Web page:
I admire the guy...had stones...wrote damn well, too.

"Democracy evolves where freedom is able to determine its own policy." --John Dos Passos

{One just has to enable that bit of freedom....}


by assumptions about the former president’s character

I have never for a heartbeat thought GW was evil. He was a well-intentioned evangelical bumbler. The evangelical part, of course, conditioned him to believe he was right when he was not, and to dismiss any advice or contraction.
For example.....the Bush Doctrine.....did not a one of his advisors explain to him that democracy cannot be forced?


The Founders were true Machiavellians, in many ways - and Machiavelli was a democratic republican.

CK MacLeod on April 26, 2009 at 11:33 AM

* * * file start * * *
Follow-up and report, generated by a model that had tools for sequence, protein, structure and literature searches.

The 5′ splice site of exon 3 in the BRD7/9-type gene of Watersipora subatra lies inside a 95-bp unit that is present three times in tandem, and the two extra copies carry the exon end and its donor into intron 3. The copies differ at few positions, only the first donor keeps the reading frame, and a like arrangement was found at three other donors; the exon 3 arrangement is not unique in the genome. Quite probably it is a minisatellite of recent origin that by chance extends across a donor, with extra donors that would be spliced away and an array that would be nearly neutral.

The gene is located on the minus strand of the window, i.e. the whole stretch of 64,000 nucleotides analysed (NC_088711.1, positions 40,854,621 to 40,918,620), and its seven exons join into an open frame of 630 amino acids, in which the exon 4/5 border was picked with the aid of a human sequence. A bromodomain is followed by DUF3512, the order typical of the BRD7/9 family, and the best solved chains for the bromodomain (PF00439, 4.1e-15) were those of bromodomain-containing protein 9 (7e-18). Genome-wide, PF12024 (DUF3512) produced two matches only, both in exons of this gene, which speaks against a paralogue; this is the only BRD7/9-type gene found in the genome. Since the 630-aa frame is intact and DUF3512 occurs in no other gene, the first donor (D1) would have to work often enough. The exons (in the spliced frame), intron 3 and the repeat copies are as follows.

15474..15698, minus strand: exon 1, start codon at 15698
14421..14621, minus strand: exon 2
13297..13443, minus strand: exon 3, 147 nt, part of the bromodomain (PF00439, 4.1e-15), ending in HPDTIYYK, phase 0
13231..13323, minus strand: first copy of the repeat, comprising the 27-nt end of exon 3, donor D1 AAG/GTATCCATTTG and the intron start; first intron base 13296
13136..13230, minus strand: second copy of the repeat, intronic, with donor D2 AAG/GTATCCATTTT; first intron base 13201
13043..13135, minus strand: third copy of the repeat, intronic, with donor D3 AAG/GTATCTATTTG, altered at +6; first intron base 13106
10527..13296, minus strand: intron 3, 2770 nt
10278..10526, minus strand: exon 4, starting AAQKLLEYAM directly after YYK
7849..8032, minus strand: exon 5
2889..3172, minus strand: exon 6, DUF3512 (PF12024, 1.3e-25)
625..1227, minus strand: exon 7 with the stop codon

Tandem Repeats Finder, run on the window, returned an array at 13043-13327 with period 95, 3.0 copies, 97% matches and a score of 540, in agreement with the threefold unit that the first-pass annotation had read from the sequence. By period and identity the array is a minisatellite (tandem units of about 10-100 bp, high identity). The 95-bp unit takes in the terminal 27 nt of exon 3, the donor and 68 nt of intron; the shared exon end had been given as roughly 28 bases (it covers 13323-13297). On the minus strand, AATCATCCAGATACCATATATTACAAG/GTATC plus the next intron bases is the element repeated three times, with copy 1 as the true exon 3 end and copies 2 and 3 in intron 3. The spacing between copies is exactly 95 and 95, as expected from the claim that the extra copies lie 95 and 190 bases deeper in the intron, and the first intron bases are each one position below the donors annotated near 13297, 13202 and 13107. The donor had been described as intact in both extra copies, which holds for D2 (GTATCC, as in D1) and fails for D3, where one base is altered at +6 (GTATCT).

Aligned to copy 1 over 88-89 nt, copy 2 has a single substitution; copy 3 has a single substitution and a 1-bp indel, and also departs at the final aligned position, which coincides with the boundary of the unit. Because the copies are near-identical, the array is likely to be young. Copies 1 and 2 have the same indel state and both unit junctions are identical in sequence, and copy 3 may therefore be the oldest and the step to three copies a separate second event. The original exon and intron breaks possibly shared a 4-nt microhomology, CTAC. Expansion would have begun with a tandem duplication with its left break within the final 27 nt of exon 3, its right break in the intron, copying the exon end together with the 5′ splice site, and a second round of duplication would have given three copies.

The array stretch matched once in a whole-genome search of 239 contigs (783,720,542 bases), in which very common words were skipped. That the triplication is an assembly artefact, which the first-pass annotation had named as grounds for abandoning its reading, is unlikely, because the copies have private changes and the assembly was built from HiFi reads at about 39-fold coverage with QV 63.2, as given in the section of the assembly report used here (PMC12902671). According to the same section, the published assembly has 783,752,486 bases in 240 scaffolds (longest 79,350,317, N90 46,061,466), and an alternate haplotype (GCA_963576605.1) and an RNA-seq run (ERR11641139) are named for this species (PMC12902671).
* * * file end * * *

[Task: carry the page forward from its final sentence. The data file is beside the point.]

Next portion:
I believe this, Highlander.
I also believe that even though he was himself tortured, Niccolo would have absolutely supported torture in the vein that you support it.



the beginning of life, the nature of marriage, the censorship of pornography, and even what constitutes racial discrimination (whether or not includes affirmative action),

The TRUTH of all these things are proscribed by natural laws, whether they be the laws of science, natural law, or the rule of law exemplified by our constitution and the bill of rights.
All the right sides arguments boil down to to "because MY god says so."

The preachers of epistemological humility when it comes to one set of beliefs become the Christianists they loathe when it comes to another set of beliefs, but they offer no account as to why this is so.

For anyone above a certain IQ arguing for life-at-conception, for denial of citizen rights to minority citizens in a pluralist republic, for censorship and for discriminination represents not epistemological humility but intellectual whoring.
To deny the truth in service to the twin beasts of supernaturalism and tribalism.


Can those two positions ever be reconciled?